Background: Systemic magnesium has been used to minimize postoperative pain with conflicting results by clinical studies. It remains unknown whether the administration of perioperative systemic magnesium can minimize postoperative pain. The objective of the current investigation was to evaluate the effect of systemic magnesium on postoperative pain outcomes. Methods: A wide search was performed to identify randomized controlled trials that evaluated the effects of systemic magnesium on postoperative pain outcomes in surgical procedures performed under general anesthesia. Meta-analysis was performed using a random-effect model. Publication bias was evaluated by examining the presence of asymmetric funnel plots using Egger regression. Results: Twenty randomized clinical trials with 1,257 subjects were included. The weighted mean difference (99% CI) of the combined effects favored magnesium over control for pain at rest (≤4 h,-0.74 [-1.08 to-0.48]; 24 h,-0.36 [-0.63 to-0.09]) and with movement at 24 h,-0.73 (-1.37 to-0.1). Opioid consumption was largely decreased in the systemic magnesium group compared with control, weighted mean difference (99% CI) of-10.52 (-13.50 to-7.54) mg morphine IV equivalents. Publication bias was not present in any of the analysis. Significant heterogeneity was present in some analysis, but it could be partially explained by the sole intraoperative administration of magnesium compared with the intraoperative and postoperative administration. None of the studies reported clinical toxicity related to toxic serum levels of magnesium. Conclusion: Systemic administration of perioperative magnesium reduces postoperative pain and opioid consumption. Magnesium administration should be considered as a strategy to mitigate postoperative pain in surgical patients.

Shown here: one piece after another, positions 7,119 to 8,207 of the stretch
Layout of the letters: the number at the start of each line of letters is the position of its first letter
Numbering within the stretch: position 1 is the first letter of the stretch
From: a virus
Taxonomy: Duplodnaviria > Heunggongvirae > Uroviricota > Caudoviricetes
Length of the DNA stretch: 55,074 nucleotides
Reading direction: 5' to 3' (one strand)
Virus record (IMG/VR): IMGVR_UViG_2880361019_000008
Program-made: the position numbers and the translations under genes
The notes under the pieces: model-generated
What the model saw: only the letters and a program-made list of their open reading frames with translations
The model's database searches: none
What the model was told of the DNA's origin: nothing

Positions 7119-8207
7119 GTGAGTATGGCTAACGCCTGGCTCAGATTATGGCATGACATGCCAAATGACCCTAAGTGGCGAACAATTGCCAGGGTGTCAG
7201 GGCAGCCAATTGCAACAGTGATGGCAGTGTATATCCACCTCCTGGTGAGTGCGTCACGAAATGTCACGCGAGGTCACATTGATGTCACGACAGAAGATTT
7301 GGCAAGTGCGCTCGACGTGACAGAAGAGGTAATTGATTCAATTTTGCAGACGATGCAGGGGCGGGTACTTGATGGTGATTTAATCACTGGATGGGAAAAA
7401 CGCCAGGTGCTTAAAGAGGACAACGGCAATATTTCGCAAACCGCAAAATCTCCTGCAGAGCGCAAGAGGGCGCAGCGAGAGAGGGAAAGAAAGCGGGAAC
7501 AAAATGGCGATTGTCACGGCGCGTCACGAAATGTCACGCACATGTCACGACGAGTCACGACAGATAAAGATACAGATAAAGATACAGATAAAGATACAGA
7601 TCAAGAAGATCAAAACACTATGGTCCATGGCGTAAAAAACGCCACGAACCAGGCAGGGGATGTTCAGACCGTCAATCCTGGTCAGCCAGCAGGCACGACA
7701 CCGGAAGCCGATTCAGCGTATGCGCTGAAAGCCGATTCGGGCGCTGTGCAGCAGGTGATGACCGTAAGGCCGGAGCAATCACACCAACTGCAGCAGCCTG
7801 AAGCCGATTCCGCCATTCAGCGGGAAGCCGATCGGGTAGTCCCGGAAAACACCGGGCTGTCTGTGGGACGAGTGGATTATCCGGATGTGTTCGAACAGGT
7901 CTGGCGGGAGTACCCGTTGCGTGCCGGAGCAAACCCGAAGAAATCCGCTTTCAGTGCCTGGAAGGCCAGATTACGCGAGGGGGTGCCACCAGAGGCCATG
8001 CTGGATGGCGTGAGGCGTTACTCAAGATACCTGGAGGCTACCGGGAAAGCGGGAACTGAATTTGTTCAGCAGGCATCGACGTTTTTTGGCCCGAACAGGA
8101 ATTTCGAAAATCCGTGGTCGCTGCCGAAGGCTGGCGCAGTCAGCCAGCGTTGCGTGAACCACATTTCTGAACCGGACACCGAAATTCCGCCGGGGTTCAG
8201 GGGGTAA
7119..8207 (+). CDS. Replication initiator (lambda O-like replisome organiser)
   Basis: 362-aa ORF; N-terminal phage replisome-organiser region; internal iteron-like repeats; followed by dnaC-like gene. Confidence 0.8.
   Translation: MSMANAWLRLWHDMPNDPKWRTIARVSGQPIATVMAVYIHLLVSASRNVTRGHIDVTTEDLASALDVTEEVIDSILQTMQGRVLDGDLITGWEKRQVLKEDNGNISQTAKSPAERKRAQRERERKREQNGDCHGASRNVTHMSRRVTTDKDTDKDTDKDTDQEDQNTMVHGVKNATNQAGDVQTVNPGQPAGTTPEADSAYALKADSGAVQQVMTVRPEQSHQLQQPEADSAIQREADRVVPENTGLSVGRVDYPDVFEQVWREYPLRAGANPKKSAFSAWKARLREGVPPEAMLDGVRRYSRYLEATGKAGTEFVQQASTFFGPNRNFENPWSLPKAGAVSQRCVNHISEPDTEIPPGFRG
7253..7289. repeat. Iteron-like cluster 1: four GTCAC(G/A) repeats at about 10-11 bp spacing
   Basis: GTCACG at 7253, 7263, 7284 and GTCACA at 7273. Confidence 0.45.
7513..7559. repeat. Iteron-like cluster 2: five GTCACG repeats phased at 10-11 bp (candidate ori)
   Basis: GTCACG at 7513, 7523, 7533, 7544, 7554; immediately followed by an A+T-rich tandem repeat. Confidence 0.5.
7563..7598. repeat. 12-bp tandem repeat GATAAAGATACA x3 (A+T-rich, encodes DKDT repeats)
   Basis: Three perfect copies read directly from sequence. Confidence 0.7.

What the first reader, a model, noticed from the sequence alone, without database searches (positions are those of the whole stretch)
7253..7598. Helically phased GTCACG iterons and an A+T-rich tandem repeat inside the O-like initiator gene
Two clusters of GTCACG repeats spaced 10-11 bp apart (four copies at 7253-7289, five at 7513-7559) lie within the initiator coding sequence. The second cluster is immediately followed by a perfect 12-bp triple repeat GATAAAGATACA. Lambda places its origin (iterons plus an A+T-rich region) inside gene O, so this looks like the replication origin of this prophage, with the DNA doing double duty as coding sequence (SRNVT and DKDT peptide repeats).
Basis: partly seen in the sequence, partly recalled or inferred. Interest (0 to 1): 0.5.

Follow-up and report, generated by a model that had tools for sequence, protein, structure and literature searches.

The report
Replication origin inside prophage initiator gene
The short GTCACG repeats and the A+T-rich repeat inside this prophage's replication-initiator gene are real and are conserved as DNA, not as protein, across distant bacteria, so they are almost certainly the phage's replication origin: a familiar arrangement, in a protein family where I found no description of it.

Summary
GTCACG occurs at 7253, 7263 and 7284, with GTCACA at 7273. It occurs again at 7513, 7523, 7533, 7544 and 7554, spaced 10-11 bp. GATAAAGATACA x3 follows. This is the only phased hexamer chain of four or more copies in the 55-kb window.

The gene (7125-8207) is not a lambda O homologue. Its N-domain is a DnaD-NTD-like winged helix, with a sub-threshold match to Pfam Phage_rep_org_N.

ASJC Scopus subject areas
- Anesthesiology and Pain Medicine